At the half way mark everything points to a China-Korea summit clash on September 24 in the FIBA-Asia women’s basketball championship. If anything, the debate can be directed towards evaluating who among the two will corner the prize.
Korea is the defending champion with an illuminating record of 12 gold medals. But China, a late entrant in to the fray, enjoys a higher rating (No 7) in the world as also the distinction of being a quarter finalist at the last Olympics in Beijing.
For the aficionados of the sport in and around this city, the displays by Korea (World No 9) and China so far have proved awesome. The synthesis of power, precision and plans by the teams gives the onlooker a rare insight into the nuances of basketball, not often witnessed in this part of the country. In many aspects, it was a revelation.
With three wins in as many matches, both China and Korea have a tally of six points each. They come to grips on Tuesday in the final of the league to determine the top place in the group. China is marginally ahead of Korea in terms of technique and tactics largely on account of having a combination in which quite a few can be portrayed as world class.
Though initially the focus was on Miao Lijie, who figured in the American women’s league, it was the splendid showing of Huang Hongpin that impressed everyone.
This rangy star’s effortless basketing was a spectacle to behold. While Ma Zhengyu and Dan Liu did not lag much behind, a special mention must be made of Banban Yang whose work inside the zone and efforts put in to programme every move from the back line. With six Olympians in the ranks, Coach Feng Wu has a mine of talent to fashion a winning combination.
Korea does not enjoy that luxury but the proficiency and professionalism demonstrated by the seasoned campaigner, Jung Sun-min, continue to keep the confidence of the defending champion on a high note. Yeon ha and Eun Joo have also figured significantly among the points.
Pronounced, however, is the chasm between the top two and the remaining teams.
Japan plays with a lot of determination striving for the bronze that will earn them a place in the next year’s World Championship.
Where will India end up in this configuration? This is an interesting poser.
Rusty and inconsistent, India has lost all the three matches without much of a fight against Korea and China, but by casual play against Chinese Taipei notwithstanding a sterling performance by Geethu Anna Jose. If only the team had consolidated the substantial lead early on, there would have been a different story altogether.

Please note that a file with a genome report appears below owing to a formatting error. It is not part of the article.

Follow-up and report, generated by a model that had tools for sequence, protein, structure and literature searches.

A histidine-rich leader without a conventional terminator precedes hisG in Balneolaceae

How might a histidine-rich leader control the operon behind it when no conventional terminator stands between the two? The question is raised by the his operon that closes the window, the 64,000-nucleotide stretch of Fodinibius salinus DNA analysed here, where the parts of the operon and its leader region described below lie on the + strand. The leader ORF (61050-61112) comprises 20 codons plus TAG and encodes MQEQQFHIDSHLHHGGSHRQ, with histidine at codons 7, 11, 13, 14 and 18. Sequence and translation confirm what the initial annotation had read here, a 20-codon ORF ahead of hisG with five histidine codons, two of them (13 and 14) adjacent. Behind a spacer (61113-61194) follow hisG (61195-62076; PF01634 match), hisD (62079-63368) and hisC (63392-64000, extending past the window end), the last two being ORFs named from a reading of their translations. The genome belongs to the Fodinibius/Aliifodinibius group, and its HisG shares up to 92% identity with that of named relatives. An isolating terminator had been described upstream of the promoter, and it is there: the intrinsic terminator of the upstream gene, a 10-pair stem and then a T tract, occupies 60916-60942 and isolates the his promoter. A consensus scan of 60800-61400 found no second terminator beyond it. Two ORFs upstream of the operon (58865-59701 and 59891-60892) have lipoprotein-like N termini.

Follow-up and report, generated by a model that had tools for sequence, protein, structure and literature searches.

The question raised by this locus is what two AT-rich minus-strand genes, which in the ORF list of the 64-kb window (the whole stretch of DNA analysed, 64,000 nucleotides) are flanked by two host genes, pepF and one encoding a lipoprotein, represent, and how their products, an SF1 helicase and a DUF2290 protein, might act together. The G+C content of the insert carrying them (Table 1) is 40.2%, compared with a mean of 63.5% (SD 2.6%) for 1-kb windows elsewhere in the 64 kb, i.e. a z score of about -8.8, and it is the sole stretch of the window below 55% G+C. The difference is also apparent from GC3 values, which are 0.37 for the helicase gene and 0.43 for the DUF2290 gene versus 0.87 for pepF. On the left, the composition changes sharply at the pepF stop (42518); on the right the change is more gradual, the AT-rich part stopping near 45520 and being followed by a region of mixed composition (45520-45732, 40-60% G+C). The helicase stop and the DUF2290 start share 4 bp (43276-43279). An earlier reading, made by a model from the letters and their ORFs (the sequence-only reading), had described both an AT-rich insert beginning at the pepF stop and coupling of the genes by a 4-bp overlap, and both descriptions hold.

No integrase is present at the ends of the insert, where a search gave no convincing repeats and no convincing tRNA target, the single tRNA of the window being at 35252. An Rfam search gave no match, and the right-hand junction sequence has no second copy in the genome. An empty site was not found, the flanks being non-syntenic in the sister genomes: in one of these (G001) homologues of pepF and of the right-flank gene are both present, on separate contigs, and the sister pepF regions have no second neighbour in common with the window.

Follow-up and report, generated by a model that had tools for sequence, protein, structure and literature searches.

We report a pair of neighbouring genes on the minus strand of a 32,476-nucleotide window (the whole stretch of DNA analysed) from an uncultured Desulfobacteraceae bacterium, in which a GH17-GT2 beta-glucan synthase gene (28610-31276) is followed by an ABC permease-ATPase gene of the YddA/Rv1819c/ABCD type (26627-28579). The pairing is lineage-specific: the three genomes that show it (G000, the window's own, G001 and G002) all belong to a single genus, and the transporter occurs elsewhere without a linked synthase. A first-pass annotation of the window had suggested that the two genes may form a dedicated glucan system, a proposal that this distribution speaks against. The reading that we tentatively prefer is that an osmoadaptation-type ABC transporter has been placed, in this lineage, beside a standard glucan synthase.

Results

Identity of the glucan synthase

Individually, players are adept, though not to the level of matching the redoubtable centre, Geethu Jose, but the team has failed as a unit so far.
While the coaches assert that there was nothing wrong with the preparations and training, it is clear that the team would have benefited a great deal with greater exposure.
A tour of Malaysia or Philippines could have been planned before the event. As it is, the players have not involved in any major competition after making the grade in Incheon in 2007.
It would be unfair to state that the players lack fighting qualities. Defender Anitha Pauldorai, Harjit Kaur and Pratima Singh have done their bit but not sufficient to keep the squad in a winning mode.
All eyes on Geethu
Geethu Anna Jose continues to be the cynosure of all eyes whenever India takes the court. Her class is palpable, thanks to the exposure in the Australian league and other internationals. Her 34 points against Chinese Taipei underlined her competence in clear terms. But can one swallow make a summer?
In level II, competition has been stiff what with Malaysia cornering more attention after a brilliant fight back against the favourite Lebanon. If Malaysia moves up to the Elite zone, none should be surprised.
Monday’s matches: Malaysia v Sri Lanka (9 a.m.); Uzbekistan v Kazakhstan (11 a.m.); Lebanon v Philippines (1 p.m.); Korea v Japan (3 p.m.); India v Thailand (5 p.m.) and China v Chinese Taipei (7 p.m.).